33 Sunday B - End Times



by Fr. Tommy Lane
After the Gulf War in 1991 black snow fell in parts of the Middle East caused by the smoke from all the burning oil in Kuwait. With nuclear weapons humanity possesses the power now to create a nuclear winter where the sun’s light would be blotted out due to so much smoke in the atmosphere. It is sobering to think that we now have the power to fulfill Jesus’ words in today’s Gospel when he said the sun will be darkened, the moon will lose its brightness, stars will fall and the powers in the heavens will be shaken (Mark 13:24-25). Jesus made that statement not to frighten us but to remind us that there is nothing permanent in this world and to live with an eye on the End because when he comes again the world and the cosmos will be dissolved. Jesus said those words to give us a second chance, a second chance at living as he asks, a second chance at preparing for judgment, a second chance at preparing for our death.
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Father James Gilhooley
In 1981, a man left $57,000 in his will to Jesus. It was for His own use when He returned at the Second Coming. The money was to be invested at the highest interest in the meantime. Does anyone really think that Jesus will be shopping at a posh department store for a new seamless robe and sandals upon His return? Does anyone feel money is what He shall require from us at the Parousia? Is this what the Nazarene is all about? Christ is more interested in the way we conduct our lives this moment rather than tomorrow. He is more eager to see us improve life for others today than He is to remove us from it.

Andrew Greeley has some wise thoughts on this point. The Second Coming, the New Age, the New Epoch, he says, can and should be happening throughout this day and week. I saw the Second Coming at a Soup Kitchen where I worked. A white woman volunteer gave a black man soup, pasta, and coffee. As he was leaving, he thanked her. Then she noticed the bad condition of his shoes. She told him to wait. From the clothing closet, she brought several pair. The woman got down on her knees and fitted each pair. Finally, she found his fit. In this forty minute encounter, Jesus in His Second Coming was present.

I was watching Him washing His apostles' feet all over again. I witnessed the New Age today at a fast-food restaurant. A busload of children treated their waitress with kindness. "Please" and "thank you" were more plentiful than hamburgers and cokes. They cleaned their table. They left a generous tip and a happy waitress. There was no doubt but that the Lord was present. I see the New Epoch every time one of you gives me $100 and asks me to give it to a family having a difficult time. If one looks sharp enough, you can see a smile on Christ's face. I observed the New Order yesterday. I was lost and could not find the correct road. I asked directions of a young man. Though he was in as much a hurry as I, he U-turned and told me to follow him for several miles. Then he put my car on the correct road. Can you not hear Jesus applaud as I tell you this story?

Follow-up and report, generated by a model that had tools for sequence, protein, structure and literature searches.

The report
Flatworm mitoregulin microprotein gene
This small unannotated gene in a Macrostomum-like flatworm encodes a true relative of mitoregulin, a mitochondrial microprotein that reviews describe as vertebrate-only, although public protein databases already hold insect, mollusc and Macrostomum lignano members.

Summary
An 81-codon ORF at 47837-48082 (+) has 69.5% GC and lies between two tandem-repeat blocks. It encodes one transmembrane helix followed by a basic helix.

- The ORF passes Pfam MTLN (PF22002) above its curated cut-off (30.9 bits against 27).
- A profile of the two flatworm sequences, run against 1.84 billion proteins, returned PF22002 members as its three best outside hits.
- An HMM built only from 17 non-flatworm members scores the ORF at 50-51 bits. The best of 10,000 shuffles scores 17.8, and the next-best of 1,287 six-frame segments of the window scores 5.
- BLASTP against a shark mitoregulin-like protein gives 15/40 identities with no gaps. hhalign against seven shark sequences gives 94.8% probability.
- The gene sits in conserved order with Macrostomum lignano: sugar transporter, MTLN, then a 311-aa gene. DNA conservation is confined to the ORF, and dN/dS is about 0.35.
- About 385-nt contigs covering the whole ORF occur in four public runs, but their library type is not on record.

I heard of the Second Coming yesterday. A mother told me of her return from a long journey. On her kitchen table, she found a dozen carnations waiting to greet her. The benefactor was her teen son. That day she saw Christ in her boy. I saw the New Epoch last week. A priest had heard that hostiles in a parish were gleefully giving another priest, whom he hardly knew, a hard time. He phoned. "May I buy you a good lunch?" The trip cost him not only the restaurant bill but also a round trip of 140 miles, and over half a tank of gas. Was not the Nazarene riding with him that day? You, I am sure, can fill in the blanks and tell me of the times when you saw the Second Coming this past week. And hopefully you were the cause of it.

If negative, just as hopefully you will bring it about tomorrow. We ask Jesus, "How do we prepare for dying?" He responds, "By living." As Greeley says, the answer to the "when?" of the Second Coming can be readily given. The Lord is present anywhere people treat each other with gentleness, generosity, and thoughtfulness. A man helped Mother Teresa in Calcutta. He was swept off his feet as he watched the small giant wash sick bodies. He said to her, "I want to remain here permanently with you." The woman, whose wrinkled face showed thousands of miles of wear, said with a smile, "No, no.